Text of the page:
In a communication system in which a gateway entity is linked to a plurality of communication entities which in turn are operable to communicate with an access terminal, the access terminal needs first to establish a data attachment point (DAP) with one of the communication entities. Handoff of the DAP from one communication entity to another communication entity is initiated by the access terminal. Before proceeding with the DAP handoff, the access terminal may consider factors such as the link conditions with the various communication entities, the time since the last DAP handoff, and the time duration communicating with the current communication entity. To prevent any race conditions for the communication entities to register as the DAP, the access terminal may refer to the time stamps of the messages received from the communication entities. Furthermore, the communication entities may also exchange messages with each other regarding the current DAP registration status.
These and other features and advantages will be apparent to those skilled in the art from the following detailed description, taken together with the accompanying drawings, in which like reference numerals refer to like parts.
The following description is presented to enable any person skilled in the art to make and use the invention. Details are set forth in the following description for purpose of explanation. It should be appreciated that one of ordinary skill in the art would realize that the invention may be practiced without the use of these specific details. In other instances, well known structures and processes are not elaborated in order not to obscure the description of the invention with unnecessary details. Thus, the present invention is not intended to be limited by the embodiments shown, but is to be accorded with the widest scope consistent with the principles and features disclosed herein.
Furthermore, in the following description, for reasons of conciseness and clarity, terminology associated with the Ultra Mobile Broadband (UMB) technology as promulgated under the 3rd Generation Partnership Project 2 (3GPP2) by the Telecommunication Industry Association (TIA) is used. It should be emphasized that the invention is also applicable to other technologies, such as technologies and the associated standards related to Code Division Multiple Access (CDMA), Time Division Multiple Access (TDMA), Frequency Division Multiple Access (FDMA), Orthogonal Frequency Division Multiple Access (OFDMA) and so forth.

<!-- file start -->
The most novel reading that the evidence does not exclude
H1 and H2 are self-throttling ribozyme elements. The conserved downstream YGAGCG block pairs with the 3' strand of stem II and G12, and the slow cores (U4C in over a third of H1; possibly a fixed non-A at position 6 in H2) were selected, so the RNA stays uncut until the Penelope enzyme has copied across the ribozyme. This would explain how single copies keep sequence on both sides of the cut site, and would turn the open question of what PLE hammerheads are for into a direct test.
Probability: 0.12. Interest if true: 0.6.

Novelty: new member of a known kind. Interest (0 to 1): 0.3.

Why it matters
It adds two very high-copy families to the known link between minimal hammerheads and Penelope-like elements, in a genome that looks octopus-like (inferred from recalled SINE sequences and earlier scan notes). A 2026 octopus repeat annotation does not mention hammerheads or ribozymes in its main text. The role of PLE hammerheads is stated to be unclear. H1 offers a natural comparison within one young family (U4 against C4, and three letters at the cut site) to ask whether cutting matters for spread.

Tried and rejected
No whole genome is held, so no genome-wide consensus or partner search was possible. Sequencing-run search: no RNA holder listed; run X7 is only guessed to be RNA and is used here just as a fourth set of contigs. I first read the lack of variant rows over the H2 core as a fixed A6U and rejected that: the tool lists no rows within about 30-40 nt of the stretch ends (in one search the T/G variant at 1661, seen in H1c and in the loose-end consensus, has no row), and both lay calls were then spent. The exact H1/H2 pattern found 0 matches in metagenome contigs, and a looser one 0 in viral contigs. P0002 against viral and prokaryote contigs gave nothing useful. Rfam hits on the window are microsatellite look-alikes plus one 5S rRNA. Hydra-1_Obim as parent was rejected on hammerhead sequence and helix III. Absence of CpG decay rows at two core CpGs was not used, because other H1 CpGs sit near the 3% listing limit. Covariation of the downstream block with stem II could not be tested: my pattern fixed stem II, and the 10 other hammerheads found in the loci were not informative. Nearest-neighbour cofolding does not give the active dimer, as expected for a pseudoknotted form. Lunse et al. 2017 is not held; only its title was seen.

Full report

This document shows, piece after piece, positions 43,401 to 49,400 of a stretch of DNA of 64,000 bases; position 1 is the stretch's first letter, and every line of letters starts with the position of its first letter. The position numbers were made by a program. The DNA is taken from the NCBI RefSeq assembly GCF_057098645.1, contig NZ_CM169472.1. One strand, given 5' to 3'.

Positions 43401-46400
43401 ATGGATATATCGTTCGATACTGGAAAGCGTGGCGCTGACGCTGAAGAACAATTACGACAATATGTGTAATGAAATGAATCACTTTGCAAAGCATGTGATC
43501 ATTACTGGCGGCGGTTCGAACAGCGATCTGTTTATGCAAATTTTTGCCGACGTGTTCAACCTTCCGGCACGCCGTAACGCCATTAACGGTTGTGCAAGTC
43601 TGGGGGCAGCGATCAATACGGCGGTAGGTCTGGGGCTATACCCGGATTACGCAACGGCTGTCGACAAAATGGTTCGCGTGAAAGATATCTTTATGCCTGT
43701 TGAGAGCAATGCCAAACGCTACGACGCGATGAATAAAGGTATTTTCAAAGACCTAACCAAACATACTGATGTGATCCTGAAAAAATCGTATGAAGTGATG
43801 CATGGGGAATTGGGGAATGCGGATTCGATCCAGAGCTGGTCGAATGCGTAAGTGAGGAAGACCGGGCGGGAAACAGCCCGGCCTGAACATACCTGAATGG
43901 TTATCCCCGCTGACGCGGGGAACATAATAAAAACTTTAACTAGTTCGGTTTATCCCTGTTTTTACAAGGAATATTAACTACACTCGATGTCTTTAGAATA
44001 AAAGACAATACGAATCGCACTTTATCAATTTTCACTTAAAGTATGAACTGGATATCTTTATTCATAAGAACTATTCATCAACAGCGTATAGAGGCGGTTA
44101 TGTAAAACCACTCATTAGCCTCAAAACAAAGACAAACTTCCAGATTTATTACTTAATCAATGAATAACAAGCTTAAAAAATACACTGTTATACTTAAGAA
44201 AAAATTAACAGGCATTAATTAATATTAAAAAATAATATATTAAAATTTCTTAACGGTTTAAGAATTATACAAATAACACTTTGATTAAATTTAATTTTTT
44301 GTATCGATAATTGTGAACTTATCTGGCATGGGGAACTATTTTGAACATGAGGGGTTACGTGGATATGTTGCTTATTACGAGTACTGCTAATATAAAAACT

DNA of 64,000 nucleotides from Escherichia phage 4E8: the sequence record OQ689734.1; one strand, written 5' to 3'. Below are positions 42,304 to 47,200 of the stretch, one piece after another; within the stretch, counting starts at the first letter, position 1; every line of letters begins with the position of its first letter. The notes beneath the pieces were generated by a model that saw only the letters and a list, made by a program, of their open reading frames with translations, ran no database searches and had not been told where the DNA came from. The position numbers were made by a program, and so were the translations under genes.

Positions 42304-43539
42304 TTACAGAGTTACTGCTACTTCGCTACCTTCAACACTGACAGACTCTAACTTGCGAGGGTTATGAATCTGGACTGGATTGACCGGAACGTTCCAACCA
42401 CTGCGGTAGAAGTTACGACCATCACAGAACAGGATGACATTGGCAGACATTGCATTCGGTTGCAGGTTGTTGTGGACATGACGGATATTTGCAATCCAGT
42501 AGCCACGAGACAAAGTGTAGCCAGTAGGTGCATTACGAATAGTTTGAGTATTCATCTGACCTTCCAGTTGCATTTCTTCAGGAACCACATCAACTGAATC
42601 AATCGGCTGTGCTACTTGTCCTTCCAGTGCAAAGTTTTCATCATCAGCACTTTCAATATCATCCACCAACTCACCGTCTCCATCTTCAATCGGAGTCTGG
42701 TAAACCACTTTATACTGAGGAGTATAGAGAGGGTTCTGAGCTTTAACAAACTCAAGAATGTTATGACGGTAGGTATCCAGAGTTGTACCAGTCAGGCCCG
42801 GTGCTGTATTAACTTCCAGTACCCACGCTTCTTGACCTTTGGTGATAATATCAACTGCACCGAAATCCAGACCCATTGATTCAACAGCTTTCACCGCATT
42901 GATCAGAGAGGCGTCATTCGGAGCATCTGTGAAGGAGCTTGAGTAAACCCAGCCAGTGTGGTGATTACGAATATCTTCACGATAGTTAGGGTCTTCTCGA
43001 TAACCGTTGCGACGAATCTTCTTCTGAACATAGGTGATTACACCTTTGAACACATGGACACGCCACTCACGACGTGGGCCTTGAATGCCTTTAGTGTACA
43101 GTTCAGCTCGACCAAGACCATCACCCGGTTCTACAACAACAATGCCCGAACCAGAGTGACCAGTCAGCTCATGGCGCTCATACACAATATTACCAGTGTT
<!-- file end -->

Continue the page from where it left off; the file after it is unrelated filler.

Reference is now directed to
There is a Session Reference Network Controller (SRNC) 40 linked to the AGW 32. The SRNC 40 serves several functions. For instance, the SRNC 40 provides authentication function to an Access Terminal (AT), such as an AT 44 shown in
Suppose the AT 44 is capable of moving among the various radio networks, including the AN 41 and the AN 43. For the AT 44 to access the backbone network 38, the AT 44 needs first to establish a Data Attachment Point (DAP) with a communication entity, such as the eBS 34 or the eBS 36. In this specification and the amended claims, the term “data attachment point” is construed as a communication entity that anchors data, either directly or indirectly, to and from a network gateway. By way of illustration, for example, as shown in
In an AN-initiated DAP assignment arrangement, each of the eBS 34 and eBS 36 proceeds with the DAP assignment process if certain criteria are met. For example, when the eBS 34 becomes the Forward-Link Serving eBS (FLSE) for the AT 44, it may start the DAP assignment process. Thus, if the eBS 34 is the current FLSE, the eBS 34 sends a registration request message to the AGW 32. Thereafter, the AGW 32 performs a binding update with the eBS 34 in accordance with the procedures as set forth under the Proxy Mobile IP (PMIP) protocol published by the Internet Engineering Task Force (IETF).